There was no hangover on the field for Northwestern after an impressive win over Stanford in the season opener. Northwestern dominated offensively and defensively on Saturday on the way to beating Eastern Illinois 41-0, moving to 2-0 on the year. The ‘Cats moved into the national spotlight, ranked 24th in the USA Today Coaches’ Poll and 23rd in the AP Top 25 Poll.
All in all, the game was a mixed bag for the ‘Cats. Eastern Illinois was entirely overmatched from the start, meaning that Northwestern’s statistical prowess may not hold much weight later in the season when the Wildcats play much tougher opponents. At the same time, it was highly encouraging to see Northwestern dominate a game to this level after struggling somewhat against FCS opponents in previous years. How much did they dominate, you ask? Here are some numbers that define the dismantling of Eastern Illinois on Saturday:
The Wildcats’ rushing game was relentless on Saturday, rushing for 344 yards and finding holes in the Panthers’ defense early and often. That rushing attack was balanced, too: four Northwestern players rushed for over 50 yards while seven players rushed for 20 yards or more. Those figures don’t include quarterback Clayton Thorson, who ran for a touchdown on a scramble just before halftime.
Justin Jackson again got the majority of the carries, rushing 22 times for 78 yards and his first touchdown of the season. Backup running back Warren Long looked the most impressive, gaining 72 yards on only 12 carries and earning a rushing touchdown of his own. Corey Acker and Auston Anderson also found some daylight as well, gaining 57 and 56 yards respectively in limited playing time. Anderson lost a fumble late in the game, however, as the only blemish the unit had all afternoon.
Clayton Thorson hasn’t been perfect this season, but part of Northwestern’s success is due to his ability to take care of the ball. Thorson didn’t turn the ball over on Saturday and has yet to do so this season; while he was fortunate not to be intercepted on multiple bad throws against the Cardinal, he looked cleaner and more composed against a weaker opponent this week.
While that isn’t overly impressive, Thorson didn’t disappoint against an FCS opponent and was able to manage the game effectively. He even picked up the first passing touchdown of his career, hitting Austin Carr for a 44-yard score. He doesn’t need to be flashy as a redshirt quarterback; if he can manage the game in a similar fashion going forward, the Wildcats will be in good shape on offense.
Northwestern’s drives that ended in touchdowns on Saturday went no shorter than six plays. The team had its fair share of big plays against the Panthers’ defense, but also showed that it could maintain drives and convert on third down early and often. Surprisingly enough, the Wildcats struggled to do exactly that in underwhelming performances against FCS opponents in recent years. Northwestern also converted field goals on drives of 14 and nine plays each, gaining 28 first downs on the afternoon and going 10-17 on third down. Doing so gave the ‘Cats a definitive edge in time of possession, keeping the defense off the field and rested. That’s certainly a trend that Pat Fitzgerald hopes will continue moving forward.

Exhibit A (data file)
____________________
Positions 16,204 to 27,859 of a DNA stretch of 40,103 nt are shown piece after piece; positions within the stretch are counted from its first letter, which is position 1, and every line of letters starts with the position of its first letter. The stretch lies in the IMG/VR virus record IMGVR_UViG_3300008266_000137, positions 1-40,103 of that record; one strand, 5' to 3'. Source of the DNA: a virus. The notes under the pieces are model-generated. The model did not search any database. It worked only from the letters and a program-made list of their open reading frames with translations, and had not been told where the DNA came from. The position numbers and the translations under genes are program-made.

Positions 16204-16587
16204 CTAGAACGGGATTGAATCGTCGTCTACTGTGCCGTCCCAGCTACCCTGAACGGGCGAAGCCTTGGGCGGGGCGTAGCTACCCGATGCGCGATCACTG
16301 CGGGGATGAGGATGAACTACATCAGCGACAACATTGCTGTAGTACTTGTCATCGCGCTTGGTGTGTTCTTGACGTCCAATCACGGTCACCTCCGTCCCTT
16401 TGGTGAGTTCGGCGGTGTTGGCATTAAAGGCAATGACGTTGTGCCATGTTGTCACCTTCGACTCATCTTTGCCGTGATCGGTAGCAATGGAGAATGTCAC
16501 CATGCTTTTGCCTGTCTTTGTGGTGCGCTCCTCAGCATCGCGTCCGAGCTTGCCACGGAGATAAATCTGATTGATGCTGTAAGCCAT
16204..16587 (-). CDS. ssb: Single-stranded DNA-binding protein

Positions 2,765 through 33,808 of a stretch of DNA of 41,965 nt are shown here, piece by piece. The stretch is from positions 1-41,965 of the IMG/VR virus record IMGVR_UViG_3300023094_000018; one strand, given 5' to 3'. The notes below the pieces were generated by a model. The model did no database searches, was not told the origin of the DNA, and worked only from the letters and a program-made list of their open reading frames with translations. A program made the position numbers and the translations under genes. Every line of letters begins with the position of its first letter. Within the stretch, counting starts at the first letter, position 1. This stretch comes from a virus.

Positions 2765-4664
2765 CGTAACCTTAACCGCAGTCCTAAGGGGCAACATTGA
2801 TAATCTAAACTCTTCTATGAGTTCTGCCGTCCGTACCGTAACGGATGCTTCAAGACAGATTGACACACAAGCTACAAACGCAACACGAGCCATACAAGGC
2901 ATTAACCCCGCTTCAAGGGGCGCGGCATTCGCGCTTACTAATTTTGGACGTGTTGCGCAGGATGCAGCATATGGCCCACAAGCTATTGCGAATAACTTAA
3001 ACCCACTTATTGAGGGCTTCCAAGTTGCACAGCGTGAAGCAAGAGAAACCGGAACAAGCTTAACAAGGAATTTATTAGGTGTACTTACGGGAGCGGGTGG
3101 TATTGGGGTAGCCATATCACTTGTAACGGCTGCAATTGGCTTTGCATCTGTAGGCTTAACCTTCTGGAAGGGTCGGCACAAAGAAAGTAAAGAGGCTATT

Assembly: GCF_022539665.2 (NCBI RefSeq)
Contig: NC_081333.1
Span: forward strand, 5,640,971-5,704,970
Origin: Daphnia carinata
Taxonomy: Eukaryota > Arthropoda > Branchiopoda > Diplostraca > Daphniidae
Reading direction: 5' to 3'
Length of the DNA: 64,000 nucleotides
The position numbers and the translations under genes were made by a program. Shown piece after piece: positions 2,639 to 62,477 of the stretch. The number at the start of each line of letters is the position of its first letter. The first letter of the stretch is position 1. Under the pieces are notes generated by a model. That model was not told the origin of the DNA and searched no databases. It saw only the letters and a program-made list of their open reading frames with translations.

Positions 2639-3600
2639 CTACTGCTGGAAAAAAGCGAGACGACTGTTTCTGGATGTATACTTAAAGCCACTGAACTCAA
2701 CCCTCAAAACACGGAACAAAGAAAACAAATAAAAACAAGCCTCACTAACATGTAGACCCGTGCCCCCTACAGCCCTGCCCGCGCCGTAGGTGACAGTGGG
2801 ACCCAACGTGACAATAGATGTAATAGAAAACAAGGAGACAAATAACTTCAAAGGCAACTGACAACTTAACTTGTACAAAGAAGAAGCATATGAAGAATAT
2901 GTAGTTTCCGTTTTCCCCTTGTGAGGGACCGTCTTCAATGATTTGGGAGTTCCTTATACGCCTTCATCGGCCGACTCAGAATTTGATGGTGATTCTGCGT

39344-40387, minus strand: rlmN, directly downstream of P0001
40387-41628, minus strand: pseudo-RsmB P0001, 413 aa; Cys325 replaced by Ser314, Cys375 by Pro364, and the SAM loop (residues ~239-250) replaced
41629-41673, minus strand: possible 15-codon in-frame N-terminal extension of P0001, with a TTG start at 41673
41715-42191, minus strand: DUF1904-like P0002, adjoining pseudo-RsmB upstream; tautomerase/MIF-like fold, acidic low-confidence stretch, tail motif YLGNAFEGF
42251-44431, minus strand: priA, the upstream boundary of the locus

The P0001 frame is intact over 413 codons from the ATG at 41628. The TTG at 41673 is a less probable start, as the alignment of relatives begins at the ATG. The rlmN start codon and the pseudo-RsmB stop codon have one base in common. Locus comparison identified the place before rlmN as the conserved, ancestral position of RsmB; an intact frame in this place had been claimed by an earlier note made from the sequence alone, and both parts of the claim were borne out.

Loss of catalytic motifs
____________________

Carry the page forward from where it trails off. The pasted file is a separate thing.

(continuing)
As impressive as the offense looked this weekend, it was Northwestern’s defense that ultimately stole the show (and will most likely carry this team in 2015). The defense has yet to allow a touchdown this season; it’s the first time the Wildcats have kept two consecutive opponents out of the end zone since 1958 (57 years ago). Additionally, it’s the first time the Wildcats shut out an opponent since 2007, when Northwestern beat similarly-named Northeastern 27-0.
This defense is fast, smart, deep and athletic. And it’s shown so far this season in shutting down an experienced Kevin Hogan at quarterback in Week 1 and throttling Eastern Illinois’ entire offense in Week 2. Historical markers like this don’t happen that often, and it certainly doesn’t appear that this defense’s success is a fluke.
If Northwestern’s running game was impressive, then Eastern Illinois’ was exactly the opposite. The Panthers ran for 2.4 yards per carry and only 70 yards overall. Northwestern’s front line racked up eight tackles for loss, limiting the running game all afternoon long following another impressive performance against Stanford. The pass defense was effective as well, sacking EIU quarterback Jalen Whitlow twice and allowing only 3.0 yards per pass to the Panthers.
Arguably even more impressive, the defense didn’t allow a single third-down conversion from EIU (in large part due to the small yards-per-play average). The Panthers gained only eight first downs all afternoon, and never reached the Wildcats’ red zone. To say EIU’s offense was “ineffective” would be a major understatement.
Northwestern cornerback Matthew Harris was undoubtedly the defensive MVP on Saturday, recording two interceptions and accounting for 94 yards in return yardage. Oh yeah, and he had 71-yard interception return for a touchdown to provide a major exclamation point for the ‘Cats. Not a shabby afternoon for the junior.
Harris, along with fellow cornerback Nick VanHoose and safeties Traveon Henry and Godwin Igwebuike, form a talented secondary that calls itself the “Sky Team.” That name fits well enough, as opposing quarterbacks look to have a rough time trying to go deep on this unit of defensive backs. If Northwestern can continue to limit big passing plays downfield (another area where they’ve struggled in recent seasons), they may become a legitimate threat to win the Big Ten West. The defense will have to continue to prove itself, and against much tougher competition, too.